"The Lord is my rock"

Perhaps no symbolism of the Scripture writings is more forceful than that attached to the word rock, which stands first of all for demonstrable Truth, the Christ-idea. It is also frequently used with the personal possessive to express the individual realization of this idea, and the distinction between the two measures the contrast between preaching and practice, between conviction and conversion, between the perception of truth and the acceptance and utilization of truth, between seeing and doing.

The writer was much impressed recently, in talking with a doctor of divinity, a man of noble nature, to find how promptly and fully he endorsed the great fundamental truths of the Master's teaching as apprehended in Christian Science, and how insistently he maintained propositions which are entirely at variance with these truths. He unhesitatingly averred that God is infinite Spirit and wholly good, the only source and support of being, and that man is His image. Nevertheless he declared for the reality of matter, and that man is constituted of both flesh and spirit. The infinite Truth and Love was recognized as the rock basis of Christianity, and yet in the realization of the healing power of this verity he frankly expressed regret that he had no part. He could say unhesitatingly that God "is the Rock, his work is perfect;" but he could not say, "The Lord is my rock, and . . . my salvation," in the logical and saving sense which floods St. John's great declaration: "As many as received him, to them gave he power to become the sons of God."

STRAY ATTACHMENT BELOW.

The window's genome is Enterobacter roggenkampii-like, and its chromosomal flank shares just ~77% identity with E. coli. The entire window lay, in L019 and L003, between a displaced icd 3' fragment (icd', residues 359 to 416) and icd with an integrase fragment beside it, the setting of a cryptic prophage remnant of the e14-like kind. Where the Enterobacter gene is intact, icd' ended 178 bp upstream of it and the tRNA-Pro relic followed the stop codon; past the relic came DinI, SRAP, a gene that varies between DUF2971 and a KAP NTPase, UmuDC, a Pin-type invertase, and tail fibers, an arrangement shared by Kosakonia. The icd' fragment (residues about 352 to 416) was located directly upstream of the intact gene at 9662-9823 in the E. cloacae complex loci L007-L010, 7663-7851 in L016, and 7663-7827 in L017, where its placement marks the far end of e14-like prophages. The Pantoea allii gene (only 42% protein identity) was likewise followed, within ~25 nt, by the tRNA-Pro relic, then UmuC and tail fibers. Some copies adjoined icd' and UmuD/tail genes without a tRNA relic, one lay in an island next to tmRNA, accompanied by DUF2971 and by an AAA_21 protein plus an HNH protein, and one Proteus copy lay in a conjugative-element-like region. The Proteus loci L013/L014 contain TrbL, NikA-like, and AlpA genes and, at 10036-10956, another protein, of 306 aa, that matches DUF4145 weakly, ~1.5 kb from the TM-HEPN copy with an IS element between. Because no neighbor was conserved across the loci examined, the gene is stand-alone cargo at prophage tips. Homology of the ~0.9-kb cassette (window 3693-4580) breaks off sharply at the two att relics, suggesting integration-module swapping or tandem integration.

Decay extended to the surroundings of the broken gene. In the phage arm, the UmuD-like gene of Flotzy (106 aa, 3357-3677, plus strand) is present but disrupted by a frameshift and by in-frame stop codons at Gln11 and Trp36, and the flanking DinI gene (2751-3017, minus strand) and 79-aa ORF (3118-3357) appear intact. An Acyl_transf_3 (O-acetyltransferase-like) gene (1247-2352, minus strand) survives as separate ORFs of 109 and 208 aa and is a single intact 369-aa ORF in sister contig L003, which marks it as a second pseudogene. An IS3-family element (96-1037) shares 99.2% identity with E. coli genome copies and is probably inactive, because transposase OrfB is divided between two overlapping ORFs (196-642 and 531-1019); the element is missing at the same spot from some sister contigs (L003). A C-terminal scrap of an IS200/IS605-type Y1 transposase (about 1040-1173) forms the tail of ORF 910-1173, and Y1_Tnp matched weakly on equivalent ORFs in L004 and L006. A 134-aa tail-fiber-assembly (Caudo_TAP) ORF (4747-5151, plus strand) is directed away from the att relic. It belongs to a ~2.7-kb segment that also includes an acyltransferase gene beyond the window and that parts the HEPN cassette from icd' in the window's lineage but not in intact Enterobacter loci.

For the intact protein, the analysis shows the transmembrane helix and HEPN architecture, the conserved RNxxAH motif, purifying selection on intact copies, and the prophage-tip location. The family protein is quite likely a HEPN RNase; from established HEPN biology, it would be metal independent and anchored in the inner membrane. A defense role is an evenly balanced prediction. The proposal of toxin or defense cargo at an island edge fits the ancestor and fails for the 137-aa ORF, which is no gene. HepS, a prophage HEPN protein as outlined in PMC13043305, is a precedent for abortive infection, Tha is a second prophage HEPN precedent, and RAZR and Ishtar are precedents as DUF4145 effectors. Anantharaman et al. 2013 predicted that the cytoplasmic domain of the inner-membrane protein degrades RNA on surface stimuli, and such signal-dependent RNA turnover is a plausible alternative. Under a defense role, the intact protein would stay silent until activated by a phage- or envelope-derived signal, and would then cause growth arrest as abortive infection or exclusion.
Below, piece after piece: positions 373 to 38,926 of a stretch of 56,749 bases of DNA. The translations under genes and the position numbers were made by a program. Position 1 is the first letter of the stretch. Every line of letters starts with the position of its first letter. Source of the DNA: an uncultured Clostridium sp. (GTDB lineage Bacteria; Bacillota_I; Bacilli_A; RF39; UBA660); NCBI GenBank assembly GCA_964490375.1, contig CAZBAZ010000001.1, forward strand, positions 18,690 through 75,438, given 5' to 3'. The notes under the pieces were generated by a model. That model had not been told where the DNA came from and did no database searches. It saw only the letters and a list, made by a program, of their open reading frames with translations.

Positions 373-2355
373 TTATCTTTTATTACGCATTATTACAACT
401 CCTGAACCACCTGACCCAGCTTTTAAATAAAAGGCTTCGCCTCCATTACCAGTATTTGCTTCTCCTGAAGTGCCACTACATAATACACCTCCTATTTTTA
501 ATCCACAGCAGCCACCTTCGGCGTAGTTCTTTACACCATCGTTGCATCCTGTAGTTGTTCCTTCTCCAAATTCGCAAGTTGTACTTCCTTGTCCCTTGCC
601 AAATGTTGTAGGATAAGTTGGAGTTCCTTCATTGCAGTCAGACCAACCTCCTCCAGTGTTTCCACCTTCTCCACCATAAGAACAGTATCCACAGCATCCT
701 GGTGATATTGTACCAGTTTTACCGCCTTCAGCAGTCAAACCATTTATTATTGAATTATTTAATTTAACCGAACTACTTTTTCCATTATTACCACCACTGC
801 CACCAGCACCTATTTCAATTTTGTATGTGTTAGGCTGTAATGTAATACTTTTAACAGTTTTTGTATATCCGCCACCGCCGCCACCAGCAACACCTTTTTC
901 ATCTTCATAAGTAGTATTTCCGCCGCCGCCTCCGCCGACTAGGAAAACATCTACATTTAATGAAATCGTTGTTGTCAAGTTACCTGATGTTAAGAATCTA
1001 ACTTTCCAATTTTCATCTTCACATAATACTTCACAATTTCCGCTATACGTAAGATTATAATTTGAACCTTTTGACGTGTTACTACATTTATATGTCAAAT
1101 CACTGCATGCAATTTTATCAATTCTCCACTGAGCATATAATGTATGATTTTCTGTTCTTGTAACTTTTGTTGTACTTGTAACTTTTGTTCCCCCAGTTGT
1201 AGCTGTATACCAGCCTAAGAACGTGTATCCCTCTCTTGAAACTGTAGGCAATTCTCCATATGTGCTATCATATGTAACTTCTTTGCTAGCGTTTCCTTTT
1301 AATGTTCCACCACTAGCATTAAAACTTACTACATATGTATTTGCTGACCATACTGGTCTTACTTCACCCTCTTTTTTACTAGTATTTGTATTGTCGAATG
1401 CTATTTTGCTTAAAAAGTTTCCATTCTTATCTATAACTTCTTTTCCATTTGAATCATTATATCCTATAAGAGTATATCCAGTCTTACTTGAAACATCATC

Among the Churches
May 8, 1915

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